A few weeks ago, I met with a potential new client about managing his portfolio. The client’s game plan was to retire at the end of September. At that point, he would then begin collecting his pension and social security. He figured between the two it would cover the bulk of his expenses. As I was discussing his strategy and his portfolio with him, something didn’t make sense to me. What didn’t make sense to me was that considering that he had a forty plus career, his social security seemed very low. When I asked him about it, he said he had no idea. At that point in time, I obtained a copy of his social security records and, sure enough, there was a glaring error.
As I was reviewing his social security records, there was a period of about a dozen consecutive years where it showed he either earned no income or his income was minimal. The client couldn’t explain it, but it appeared that the dozen or so years he worked for a certain employer, the employer incorrectly reported his social security earnings.
Unfortunately, the great majority of people never check to make sure that their earnings have been properly reported to social security. You would think that reporting social security earnings would be a relatively simple process, which it is, however, mistakes do happen. The problem is that it’s up to you and I to identify the mistake and take the necessary actions to correct the error. Typically, for social security, the statute of limitations is three years, three months and fifteen days from the time you filed your return. Like most rules, there are exceptions and it is possible with proper documentation that the social security administration will correct an error beyond the statute of limitations. That being said, it is important that every year you review your social security earnings to ensure they are accurate. You cannot assume that mistakes don’t happen. After all, you’re dealing with a government agency.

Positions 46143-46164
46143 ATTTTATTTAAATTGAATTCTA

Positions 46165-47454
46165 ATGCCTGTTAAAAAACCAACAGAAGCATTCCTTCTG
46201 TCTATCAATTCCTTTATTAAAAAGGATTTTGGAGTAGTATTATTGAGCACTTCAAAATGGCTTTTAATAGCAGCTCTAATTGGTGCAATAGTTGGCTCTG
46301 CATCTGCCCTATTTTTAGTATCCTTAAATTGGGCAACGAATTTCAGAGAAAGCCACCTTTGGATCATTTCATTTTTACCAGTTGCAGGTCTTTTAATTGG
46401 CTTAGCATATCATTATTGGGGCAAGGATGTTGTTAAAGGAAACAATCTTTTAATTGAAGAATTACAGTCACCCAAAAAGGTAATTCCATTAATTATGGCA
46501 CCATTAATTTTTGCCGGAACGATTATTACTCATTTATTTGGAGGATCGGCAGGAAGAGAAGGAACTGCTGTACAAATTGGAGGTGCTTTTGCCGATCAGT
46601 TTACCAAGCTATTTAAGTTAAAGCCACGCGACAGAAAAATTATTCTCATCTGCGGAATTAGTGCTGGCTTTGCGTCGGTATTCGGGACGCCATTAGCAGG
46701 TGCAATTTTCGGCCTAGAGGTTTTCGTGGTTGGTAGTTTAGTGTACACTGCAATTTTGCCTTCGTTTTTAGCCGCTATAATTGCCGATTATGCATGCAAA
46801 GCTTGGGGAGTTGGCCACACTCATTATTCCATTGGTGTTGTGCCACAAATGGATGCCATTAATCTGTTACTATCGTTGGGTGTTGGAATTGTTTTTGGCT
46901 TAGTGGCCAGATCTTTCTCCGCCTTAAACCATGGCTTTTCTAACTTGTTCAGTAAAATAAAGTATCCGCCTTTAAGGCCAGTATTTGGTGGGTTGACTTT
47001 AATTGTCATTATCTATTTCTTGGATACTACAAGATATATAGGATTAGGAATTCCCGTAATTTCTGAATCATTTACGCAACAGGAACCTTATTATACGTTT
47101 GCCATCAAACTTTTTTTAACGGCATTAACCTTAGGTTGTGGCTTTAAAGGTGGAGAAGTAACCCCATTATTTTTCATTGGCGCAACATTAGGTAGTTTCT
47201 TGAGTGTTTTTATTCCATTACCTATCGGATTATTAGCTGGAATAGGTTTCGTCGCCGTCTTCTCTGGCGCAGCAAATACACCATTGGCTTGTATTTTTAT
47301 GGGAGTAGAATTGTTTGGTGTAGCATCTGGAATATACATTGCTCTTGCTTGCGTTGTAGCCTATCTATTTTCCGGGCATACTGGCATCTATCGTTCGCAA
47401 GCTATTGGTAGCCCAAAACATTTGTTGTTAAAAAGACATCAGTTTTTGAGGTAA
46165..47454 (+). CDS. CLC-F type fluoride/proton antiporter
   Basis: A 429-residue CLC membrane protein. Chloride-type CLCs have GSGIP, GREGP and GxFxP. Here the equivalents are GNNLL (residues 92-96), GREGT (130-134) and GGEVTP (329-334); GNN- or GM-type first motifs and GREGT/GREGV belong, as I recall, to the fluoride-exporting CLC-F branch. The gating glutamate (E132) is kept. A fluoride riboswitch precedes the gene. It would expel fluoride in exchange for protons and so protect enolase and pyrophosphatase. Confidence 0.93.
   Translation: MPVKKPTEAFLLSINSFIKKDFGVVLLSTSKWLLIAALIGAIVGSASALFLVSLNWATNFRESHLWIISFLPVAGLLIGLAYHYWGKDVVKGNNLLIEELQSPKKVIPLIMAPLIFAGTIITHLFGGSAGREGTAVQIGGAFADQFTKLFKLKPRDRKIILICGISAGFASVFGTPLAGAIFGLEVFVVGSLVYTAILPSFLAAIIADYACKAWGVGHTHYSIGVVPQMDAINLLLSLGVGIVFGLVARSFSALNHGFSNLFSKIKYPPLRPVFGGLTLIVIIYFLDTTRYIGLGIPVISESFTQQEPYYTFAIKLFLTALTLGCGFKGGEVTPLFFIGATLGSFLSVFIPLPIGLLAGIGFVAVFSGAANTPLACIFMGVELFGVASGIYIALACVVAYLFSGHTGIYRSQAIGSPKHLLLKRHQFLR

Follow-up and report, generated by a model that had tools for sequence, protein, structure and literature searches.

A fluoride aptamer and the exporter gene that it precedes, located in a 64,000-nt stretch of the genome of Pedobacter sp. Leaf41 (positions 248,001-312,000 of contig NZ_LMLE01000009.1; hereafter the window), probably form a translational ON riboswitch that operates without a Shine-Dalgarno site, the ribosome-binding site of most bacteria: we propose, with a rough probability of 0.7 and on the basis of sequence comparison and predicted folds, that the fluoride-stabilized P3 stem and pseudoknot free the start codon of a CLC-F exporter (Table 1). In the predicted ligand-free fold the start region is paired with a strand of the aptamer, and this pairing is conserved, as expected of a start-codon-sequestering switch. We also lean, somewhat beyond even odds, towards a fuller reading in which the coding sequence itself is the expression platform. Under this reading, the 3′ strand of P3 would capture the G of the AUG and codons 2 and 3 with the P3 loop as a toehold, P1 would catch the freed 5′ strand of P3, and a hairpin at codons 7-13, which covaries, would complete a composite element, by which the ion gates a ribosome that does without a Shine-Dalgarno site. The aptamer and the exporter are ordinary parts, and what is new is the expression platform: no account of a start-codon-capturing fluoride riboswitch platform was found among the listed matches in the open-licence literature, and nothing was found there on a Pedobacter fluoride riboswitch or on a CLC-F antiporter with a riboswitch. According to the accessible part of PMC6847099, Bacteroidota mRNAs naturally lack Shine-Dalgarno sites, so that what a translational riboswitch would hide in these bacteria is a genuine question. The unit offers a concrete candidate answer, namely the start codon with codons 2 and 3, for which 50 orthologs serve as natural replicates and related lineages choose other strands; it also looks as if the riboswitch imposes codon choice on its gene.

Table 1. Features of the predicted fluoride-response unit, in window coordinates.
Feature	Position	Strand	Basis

For those of you who are sixty and over, the social security administration does send you an annual statement typically three months from your birthday. If you are under sixty, you can obtain a copy of your earnings through social security. You can apply online to get your statement by going to www.ssa.gov.
One of the nice things about receiving a statement from social security is that not only can you review your year-by-year earnings, but social security will also guesstimate your social security benefits for you. Not only will they compute your social security benefits at age sixty-two, but also what your benefit would be at your full retirement age and also at seventy. What many people are amazed at is how much their benefit increases by delaying collecting on social security.
Whether you are going to depend upon social security in retirement or not is relatively immaterial. As far as I’m concerned, if you paid money into social security, you’re entitled to a benefit and why not get every dollar you’re entitled to. The one way to assure this, is to make sure that at least once a year you review your social security statement for accuracy. Like all mistakes, the sooner you can correct them, the better it is. The same applies to social security. The sooner you identify the error and contact social security, the easier it will be to correct.
According to social security, since its inception, there has been a total of 1.2 trillion dollars in wages that could not be matched to an individual’s earnings. In fact, in 2012 alone, the social security administration reported that 71 billion dollars of earnings were not credited to an individual’s account. These mistakes can make a significant difference in the benefits you receive. For example, one year of missed earnings can make a difference of a hundred dollars per month or more in the benefits you will receive. Over your lifetime, that can be nearly $30,000. As far as I’m concerned, that $30,000 looks better in your pocket than it does in anyone else’s.
If you would like Rick to respond to your questions, please email him at Rick@bloomassetmanagement.com.